AURORA, Colo. (KDVR) — Yevaeh Patrick-Moon, 9, drowned in 2017 while at a sleepover in a Colorado Springs hotel. Her family is urging parents of Black and Brown kids to understand the importance of swim safety.

For years, many people believed this misconception: “Black people can’t swim.”

But why? Author and lifelong swim instructor Lotta Todd is also Yevaeh’s grandmother and addressed the question. She’s determined to prevent another tragedy.

The racist history of pools in America

FOX31 visited Todd and her 8-year-old granddaughter, Eden Cox, at Aurora’s Moorhead Recreation Center.

“I’ve been learning jumping in the pool, floating on my back and rollovers,” Cox said. She’s navigating new waters, alongside her grandmother.

“She loves the water,” Todd said. “I want to give her the skills to where she’s confident enough to stay safe and have a good time in and around the water,” she added.

Todd wrote a book on swim safety for all families, but more importantly, for families of color. This comes four years after her own family experienced the unexpected death of Yevaeh, her granddaughter. She drowned while at a sleepover in a Colorado Springs hotel in 2017.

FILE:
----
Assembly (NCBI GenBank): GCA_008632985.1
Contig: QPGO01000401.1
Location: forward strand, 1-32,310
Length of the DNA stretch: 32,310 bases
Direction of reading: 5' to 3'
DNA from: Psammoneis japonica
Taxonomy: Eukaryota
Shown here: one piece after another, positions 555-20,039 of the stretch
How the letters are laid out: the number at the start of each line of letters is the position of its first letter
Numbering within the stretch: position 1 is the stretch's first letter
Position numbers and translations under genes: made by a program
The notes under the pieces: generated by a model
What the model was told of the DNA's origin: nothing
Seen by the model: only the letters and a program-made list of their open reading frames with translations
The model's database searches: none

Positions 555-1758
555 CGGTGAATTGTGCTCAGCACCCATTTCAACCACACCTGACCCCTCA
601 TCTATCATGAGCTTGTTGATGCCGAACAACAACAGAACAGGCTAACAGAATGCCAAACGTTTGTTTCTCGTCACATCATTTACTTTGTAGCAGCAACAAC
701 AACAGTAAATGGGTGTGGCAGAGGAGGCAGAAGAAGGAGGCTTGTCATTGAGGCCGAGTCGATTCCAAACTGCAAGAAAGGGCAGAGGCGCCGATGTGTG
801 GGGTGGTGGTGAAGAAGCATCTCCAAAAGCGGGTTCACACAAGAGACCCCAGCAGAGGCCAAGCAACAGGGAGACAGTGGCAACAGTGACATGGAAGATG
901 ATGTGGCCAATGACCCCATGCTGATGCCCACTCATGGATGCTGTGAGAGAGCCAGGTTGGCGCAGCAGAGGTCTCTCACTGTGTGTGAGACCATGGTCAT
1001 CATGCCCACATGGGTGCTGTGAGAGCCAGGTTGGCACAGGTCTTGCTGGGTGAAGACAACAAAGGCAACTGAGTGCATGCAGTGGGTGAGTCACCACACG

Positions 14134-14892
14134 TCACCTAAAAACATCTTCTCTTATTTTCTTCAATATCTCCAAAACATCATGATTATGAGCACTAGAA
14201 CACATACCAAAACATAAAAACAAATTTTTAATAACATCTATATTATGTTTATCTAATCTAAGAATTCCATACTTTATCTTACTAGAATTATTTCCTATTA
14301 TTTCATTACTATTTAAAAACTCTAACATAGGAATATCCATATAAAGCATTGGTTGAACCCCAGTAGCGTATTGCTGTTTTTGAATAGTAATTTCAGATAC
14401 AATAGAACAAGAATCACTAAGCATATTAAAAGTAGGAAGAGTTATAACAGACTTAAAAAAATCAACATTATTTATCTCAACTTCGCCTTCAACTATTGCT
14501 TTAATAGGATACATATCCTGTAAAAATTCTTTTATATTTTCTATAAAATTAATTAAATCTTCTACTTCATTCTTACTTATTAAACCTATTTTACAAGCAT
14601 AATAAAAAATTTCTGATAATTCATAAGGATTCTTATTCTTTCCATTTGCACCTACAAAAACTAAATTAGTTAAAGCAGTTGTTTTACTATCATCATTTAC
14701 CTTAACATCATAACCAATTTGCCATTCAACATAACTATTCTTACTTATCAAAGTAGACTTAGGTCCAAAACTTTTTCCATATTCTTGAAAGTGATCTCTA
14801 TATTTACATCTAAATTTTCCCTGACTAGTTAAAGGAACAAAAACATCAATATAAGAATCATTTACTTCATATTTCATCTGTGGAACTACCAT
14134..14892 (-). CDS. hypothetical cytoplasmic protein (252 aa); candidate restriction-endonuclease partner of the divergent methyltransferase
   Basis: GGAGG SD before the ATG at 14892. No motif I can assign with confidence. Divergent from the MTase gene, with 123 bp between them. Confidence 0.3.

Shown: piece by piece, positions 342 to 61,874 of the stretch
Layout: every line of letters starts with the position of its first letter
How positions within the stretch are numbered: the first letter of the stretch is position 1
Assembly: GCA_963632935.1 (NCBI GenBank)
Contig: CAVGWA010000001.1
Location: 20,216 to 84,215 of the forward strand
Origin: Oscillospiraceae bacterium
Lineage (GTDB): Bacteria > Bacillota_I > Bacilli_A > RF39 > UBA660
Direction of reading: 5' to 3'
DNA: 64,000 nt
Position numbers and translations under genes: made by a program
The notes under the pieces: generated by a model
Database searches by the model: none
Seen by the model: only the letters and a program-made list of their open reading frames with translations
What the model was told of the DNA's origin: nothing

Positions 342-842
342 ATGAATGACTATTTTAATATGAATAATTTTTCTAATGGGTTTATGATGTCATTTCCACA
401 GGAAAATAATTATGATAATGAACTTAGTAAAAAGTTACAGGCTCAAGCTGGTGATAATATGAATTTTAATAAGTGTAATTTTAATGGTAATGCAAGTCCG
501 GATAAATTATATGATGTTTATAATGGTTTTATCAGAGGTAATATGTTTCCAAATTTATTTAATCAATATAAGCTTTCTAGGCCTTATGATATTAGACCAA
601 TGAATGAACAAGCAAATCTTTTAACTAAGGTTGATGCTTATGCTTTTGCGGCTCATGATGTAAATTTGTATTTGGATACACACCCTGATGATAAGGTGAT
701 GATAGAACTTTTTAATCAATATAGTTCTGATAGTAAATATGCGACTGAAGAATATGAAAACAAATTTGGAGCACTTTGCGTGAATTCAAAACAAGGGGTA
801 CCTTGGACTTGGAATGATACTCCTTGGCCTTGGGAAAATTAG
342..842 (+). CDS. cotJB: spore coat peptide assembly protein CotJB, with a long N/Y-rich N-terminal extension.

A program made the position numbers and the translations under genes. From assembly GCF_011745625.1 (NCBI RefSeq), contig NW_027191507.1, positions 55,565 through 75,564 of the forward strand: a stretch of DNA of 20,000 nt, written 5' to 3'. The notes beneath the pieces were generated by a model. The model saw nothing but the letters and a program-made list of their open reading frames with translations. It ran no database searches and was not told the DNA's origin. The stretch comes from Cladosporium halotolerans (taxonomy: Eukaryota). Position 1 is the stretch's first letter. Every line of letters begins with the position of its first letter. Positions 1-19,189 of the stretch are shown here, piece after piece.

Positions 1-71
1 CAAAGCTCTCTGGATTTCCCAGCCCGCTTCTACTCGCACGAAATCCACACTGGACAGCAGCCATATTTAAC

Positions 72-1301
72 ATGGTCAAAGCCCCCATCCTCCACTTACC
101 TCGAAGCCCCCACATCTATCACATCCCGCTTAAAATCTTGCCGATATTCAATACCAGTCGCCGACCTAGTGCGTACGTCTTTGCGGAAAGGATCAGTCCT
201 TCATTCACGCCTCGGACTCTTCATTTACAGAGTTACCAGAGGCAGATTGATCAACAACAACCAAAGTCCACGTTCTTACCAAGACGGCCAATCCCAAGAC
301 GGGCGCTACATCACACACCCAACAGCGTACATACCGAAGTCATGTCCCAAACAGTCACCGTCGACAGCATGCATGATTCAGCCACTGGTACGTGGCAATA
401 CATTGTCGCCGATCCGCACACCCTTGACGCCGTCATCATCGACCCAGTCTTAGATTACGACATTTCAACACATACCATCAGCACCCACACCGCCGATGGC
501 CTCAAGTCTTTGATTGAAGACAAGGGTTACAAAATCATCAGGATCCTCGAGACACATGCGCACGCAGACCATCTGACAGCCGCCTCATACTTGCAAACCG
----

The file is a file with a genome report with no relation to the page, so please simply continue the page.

The Centers for Disease Control and Prevention did an 11-year study that showed Blacks ages 5 to 19 were 5.5 times more likely to drown than whites in the same age group. FOX31 asked Todd — who has over 20 years of experience in the aquatic industry — why this is.

“It’s so historical with regards to back in the ’20s and ’30s when we did not have access to pools and we even lost our lives trying to enter pools,” she said.

“Sometimes the establishment would put acid or bleach or nails in the pool just to get the minorities out of the pool. That makes sure that they didn’t have an opportunity to swim,” Todd said.

“Generation after generation after generation were not able to learn how to swim because they didn’t have access to those services,” she said.

At age 8, her granddaughter is not only swimming against a generational tide, but she’s also determined to turn it.

“It was scary to learn how to swim,” Cox said, adding: “Try new things, just try new things and get over your fears.”

She and her grandmother continue to keep their collective heads above water as they look to sink the misconceptions surrounding those who look just like them.

Where to go swimming in Aurora

Aurora has six outdoor pools and four indoor ones. If you want to take swim lessons or even volunteer in the City of Aurora as a lifeguard, there are several opportunities open.

“One of the things we’re really excited about is we have so many facilities, and we’re building an 11th one,” Alek Raymond said. He’s in charge of aquatics across the City of Aurora.

“We do free Fridays, which is basically a program to give the youth somewhere to go. Every Friday [in the summer] is free [from] 10-to 6,” he said.

Every Thursday night over the next month, FOX31 will bring reports from around the metro area in honor of Black History Month. The goal is to tap into the community’s spirit through the theme of “mind, body and soul.”

Editors note: This story was updated to clarify when free Fridays take place at the Aurora pools.